Michael Haneke occasionally makes great films, despite himself — even with his occasional disdain for his audience (sometimes that's the entire point). But, if one of his films can stand on their own as a piece of entertainment, it's gotta be Cache.
Stripped of its social commentary of Hollywood's blood-thirsty schadenfreude, Haneke's best known film Funny Games still works as a horror film, albeit an unconventional one.
Stripped of its political commentary and meditations on guilt, Cache ("Hidden" in English) largely works as a suspense thriller. For the first two acts, Cache slowly unnerves its audience, as a middle-aged couple receives VHS tapes in the mail showing the outside of their home, occasionally accompanied by a childlike drawing. Theories about who might be sending the threatening postage tear at the fabric of their marriage, their relationship with their son, and eventually bring to light a secret from the husband's childhood. The secret functions as a metaphor for a 1970s massacre of Algerian civilians in Paris that has largely been swept under the rug in history books. Though by the final act, Haneke lets his thematic convictions take hold, and he disregards the conventional plot arc, leaving viewers waiting for an eventually unrealized conclusion. Because, as Haneke says in the DVD extras, the who-done-it plot, in the end, doesn't make a yarn of difference to the ultimate meaning of his film.
As a conversation starter and brain igniter, Haneke always wins. His ending is more than open-ended, it's not a predictably "unHollywood ending," where things happen just in the exact opposite way they would here. It's a purposeful statement about national and personal guilt, wrapped in a "suspense" package (though by American standards a very slow and deliberate one). But, the greatest role Haneke has yet to play is that of fully-formed story teller and point-maker at the same time. Note: The White Ribbon, Haneke's lastest, sits on my desk, and I'll be watching that soon, so we'll see if he's changed at all. A-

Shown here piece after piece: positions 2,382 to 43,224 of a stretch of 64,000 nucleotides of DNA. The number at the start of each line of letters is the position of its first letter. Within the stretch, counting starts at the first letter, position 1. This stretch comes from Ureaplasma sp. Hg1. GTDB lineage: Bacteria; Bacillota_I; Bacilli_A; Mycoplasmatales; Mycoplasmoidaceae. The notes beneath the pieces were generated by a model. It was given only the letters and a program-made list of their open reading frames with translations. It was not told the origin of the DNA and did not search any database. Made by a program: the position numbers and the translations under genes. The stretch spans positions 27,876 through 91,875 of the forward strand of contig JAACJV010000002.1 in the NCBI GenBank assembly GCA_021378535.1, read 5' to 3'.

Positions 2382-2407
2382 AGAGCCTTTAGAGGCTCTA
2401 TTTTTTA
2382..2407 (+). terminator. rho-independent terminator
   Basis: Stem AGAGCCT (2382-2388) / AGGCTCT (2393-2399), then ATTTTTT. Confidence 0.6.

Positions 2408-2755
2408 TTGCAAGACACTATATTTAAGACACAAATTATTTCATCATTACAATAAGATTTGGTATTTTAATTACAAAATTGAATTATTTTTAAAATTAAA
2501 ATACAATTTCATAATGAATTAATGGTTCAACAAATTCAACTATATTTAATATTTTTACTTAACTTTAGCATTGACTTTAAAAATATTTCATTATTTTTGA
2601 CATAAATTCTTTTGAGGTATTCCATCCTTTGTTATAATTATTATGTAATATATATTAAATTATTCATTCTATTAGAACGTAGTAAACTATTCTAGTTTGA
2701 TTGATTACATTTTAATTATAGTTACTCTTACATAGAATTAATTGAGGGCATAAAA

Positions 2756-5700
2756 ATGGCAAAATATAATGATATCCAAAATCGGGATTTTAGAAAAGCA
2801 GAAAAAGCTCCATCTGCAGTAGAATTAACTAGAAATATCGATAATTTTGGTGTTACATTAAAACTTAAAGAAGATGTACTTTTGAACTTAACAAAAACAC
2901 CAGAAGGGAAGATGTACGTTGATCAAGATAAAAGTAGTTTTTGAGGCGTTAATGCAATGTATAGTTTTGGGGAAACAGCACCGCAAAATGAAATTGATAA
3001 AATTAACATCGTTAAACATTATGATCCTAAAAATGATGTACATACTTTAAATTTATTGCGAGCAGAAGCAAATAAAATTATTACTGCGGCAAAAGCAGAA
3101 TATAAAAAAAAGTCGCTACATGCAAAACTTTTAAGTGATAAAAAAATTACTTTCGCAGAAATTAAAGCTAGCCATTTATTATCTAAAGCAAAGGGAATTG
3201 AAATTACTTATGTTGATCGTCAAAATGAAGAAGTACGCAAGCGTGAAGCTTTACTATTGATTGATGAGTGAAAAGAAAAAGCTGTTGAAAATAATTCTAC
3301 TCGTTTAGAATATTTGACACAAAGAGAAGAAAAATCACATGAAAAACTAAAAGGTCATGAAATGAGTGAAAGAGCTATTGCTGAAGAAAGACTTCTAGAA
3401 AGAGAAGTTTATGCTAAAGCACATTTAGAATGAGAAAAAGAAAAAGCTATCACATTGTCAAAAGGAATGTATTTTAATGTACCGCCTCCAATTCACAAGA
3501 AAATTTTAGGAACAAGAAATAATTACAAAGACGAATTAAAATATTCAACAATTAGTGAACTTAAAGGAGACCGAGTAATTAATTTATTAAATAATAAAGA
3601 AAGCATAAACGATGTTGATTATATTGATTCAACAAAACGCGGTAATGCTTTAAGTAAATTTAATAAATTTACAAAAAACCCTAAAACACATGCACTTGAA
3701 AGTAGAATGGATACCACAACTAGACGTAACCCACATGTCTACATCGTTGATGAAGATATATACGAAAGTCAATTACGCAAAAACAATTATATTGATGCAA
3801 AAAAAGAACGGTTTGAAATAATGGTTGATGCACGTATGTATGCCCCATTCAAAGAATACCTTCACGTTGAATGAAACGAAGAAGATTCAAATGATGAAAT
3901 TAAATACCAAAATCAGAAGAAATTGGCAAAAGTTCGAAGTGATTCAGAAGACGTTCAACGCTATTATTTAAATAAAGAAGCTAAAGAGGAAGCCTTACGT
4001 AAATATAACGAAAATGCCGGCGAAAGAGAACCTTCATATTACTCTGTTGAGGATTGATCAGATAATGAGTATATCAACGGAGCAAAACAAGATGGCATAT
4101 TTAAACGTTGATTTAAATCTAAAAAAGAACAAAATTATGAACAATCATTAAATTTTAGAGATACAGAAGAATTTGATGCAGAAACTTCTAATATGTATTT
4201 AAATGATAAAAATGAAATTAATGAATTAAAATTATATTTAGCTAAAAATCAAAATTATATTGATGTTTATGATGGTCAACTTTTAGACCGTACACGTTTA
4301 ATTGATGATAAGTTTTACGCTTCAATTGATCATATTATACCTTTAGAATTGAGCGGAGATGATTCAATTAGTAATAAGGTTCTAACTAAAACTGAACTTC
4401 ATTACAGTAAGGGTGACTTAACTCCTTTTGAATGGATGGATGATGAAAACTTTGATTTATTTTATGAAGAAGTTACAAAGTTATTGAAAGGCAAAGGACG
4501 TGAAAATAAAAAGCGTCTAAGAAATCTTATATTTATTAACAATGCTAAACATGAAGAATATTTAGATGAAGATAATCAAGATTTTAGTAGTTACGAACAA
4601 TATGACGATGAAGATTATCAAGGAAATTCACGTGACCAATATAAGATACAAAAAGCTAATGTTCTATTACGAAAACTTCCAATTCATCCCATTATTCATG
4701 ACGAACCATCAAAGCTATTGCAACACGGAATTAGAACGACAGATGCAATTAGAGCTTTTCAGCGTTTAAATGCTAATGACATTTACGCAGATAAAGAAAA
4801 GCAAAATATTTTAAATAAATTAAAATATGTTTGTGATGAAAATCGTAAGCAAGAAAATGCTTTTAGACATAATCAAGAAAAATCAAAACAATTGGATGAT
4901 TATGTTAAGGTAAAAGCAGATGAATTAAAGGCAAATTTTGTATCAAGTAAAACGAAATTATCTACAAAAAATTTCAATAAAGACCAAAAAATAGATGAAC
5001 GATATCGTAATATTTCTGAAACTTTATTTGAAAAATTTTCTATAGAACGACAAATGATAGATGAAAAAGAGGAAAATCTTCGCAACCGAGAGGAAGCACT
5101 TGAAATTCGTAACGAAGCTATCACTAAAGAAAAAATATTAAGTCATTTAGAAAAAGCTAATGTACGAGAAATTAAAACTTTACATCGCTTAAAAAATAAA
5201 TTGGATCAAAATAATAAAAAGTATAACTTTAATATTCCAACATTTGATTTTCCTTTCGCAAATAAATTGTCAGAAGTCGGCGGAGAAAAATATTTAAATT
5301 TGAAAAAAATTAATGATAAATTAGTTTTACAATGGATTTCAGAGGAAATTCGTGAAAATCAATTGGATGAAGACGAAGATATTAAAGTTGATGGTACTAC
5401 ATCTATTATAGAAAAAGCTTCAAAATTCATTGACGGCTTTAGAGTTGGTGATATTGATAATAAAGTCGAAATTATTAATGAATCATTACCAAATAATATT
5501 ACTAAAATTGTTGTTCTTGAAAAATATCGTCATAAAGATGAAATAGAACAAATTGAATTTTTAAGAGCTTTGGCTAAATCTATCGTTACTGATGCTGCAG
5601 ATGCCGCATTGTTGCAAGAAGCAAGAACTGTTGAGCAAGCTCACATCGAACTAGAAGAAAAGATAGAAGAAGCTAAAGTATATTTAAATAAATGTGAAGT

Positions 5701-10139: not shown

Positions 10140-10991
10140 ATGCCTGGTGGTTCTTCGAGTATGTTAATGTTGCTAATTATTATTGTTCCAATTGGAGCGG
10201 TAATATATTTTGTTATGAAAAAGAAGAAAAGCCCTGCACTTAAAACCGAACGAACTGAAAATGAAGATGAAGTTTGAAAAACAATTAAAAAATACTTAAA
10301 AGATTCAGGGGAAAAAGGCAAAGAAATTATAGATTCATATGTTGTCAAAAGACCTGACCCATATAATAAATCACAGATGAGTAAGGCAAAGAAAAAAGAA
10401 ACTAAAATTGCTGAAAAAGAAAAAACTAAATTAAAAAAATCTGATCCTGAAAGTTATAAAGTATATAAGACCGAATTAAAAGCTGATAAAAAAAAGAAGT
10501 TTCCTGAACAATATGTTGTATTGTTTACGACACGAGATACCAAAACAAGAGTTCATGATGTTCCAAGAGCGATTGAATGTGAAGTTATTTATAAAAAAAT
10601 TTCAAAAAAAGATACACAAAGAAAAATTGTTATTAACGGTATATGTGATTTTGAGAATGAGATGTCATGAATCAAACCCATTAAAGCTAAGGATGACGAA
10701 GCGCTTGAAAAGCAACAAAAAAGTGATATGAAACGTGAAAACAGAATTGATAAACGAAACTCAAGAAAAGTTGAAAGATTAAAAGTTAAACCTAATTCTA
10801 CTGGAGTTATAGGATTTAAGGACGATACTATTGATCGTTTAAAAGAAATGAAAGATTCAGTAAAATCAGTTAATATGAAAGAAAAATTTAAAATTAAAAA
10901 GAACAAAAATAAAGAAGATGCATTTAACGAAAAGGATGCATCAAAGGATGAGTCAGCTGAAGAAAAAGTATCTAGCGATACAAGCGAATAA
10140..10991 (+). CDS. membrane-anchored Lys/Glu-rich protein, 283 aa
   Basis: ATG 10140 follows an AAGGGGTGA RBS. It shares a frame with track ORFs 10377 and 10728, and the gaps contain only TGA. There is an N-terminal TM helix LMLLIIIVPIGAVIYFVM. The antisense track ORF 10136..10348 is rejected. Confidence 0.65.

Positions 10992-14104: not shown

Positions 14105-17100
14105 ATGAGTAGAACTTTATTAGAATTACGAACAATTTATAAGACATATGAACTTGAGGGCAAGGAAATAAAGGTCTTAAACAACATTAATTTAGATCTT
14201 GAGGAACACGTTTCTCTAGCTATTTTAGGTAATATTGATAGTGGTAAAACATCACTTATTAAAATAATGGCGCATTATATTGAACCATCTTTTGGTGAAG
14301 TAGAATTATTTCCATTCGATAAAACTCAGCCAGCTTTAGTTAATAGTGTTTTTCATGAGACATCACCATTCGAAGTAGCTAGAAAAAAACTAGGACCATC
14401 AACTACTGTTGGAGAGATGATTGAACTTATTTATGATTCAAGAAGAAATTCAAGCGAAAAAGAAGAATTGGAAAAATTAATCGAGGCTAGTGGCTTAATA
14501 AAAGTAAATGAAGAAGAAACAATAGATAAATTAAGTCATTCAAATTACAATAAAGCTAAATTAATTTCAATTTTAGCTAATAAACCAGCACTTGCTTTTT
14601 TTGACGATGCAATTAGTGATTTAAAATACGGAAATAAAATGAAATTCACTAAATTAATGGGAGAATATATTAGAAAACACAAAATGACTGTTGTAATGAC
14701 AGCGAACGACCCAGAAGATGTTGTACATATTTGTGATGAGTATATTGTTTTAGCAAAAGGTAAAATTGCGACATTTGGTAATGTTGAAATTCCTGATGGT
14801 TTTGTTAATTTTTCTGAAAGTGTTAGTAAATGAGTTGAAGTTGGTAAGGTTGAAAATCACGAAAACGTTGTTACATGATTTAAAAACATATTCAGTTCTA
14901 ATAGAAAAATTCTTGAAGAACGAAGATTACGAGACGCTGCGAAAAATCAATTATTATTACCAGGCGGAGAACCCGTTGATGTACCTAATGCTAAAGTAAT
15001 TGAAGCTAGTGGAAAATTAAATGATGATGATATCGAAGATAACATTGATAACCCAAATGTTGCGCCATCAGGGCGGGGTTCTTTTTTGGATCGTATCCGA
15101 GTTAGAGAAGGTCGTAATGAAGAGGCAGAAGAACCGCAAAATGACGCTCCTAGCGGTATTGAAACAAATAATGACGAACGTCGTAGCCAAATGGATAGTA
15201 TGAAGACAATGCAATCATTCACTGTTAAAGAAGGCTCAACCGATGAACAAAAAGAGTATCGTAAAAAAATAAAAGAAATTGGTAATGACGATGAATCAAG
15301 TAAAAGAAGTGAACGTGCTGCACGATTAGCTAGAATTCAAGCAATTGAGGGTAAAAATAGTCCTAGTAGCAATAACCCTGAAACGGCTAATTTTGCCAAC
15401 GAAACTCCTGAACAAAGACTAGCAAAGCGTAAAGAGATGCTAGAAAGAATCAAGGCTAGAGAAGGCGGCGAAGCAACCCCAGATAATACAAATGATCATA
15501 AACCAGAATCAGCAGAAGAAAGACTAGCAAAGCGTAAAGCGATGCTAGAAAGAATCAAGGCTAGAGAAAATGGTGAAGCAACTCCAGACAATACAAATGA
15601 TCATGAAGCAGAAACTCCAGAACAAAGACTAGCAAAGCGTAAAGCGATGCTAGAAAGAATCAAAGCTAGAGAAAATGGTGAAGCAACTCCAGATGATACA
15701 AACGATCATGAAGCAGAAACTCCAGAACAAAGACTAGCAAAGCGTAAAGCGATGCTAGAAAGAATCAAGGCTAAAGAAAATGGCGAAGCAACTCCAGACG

I watched this after the Avclub.com's "Scenic Routes" feature focused on the film's "gristle gun" scene. Jude Law is a body guard assigned to escort virtual-reality-game designer Jennifer Jason Leigh into one of her own creations to track down a virus — planted by a rival corporation — designed to infecting and kill her invention from the inside. This is a David Cronenberg film, so the video game consoles are organic in nature, not plastic, are disgusting as hell and require a little body mutilation to communicate/integrate with, via an umbilical chord-like connection. In said Gristle-Gun scene, Law and Leigh are in an Asian restaurant (inside the game). Law orders the special, which is a plate of disgusting sea creatures unlike anything we'd ever eat. He begins methodically eating the mess, slowly discovering that the bones and gristle fits together into a gun that shoots teeth. It's an amazing scene. But like the rest of the film, it's only momentarily brilliant — one amazing idea tied to the next via laborious pseudo-techno jargon and stilted exposition. Philip K. Dick-worthy reality mind-fucks in the film's final act nearly redeem a ramshackle story. Oh yeah, throughout the film Cronenberg uses various characters as mouth pieces to espouse his various ham-fisted rants against video gaming and their reality-eschewing properties. No matter how prescient Cronenberg often is, it's almost always clunky here. C+
Shutter Island (2010)
Some of the most enjoyable entertainment occurs when a "serious" artist has some fun and jumps in the genre mud pits. Marten Scorcese does exactly that here with Shutter Island, taking his Oscar-worthy chops and creating a pitch-perfect thriller. Shutter Island is Marty's first foray into pulpy genre film-making since Cape Fear, and he knocks the fucker out of the park. In turns suspenseful, tragic, terrifying, but most of all entertaining, he even manages to maneuver the twist that you don't want to be the twist, and makes it work. In a lessor director's hands, this could have been a cliched mess. A
Crazy Heart (2009)
Like the The Wrestler in 2008, Crazy Heart jumps in at the rock-bottom moment most overwrought biopics crawl to at about the two-hour mark, this is the part shortly after Johnny Cash falls down on stage and everyone writes him off, or when Jake Lamotta is fat and telling bad one liners at dive bars. Jeff bridges brings us in at the vortex of the downward spiral, and accomplishes the essential trick: making us care about a heartless bastard and his hopeful redemption. Lots of good original music and performances, too. B+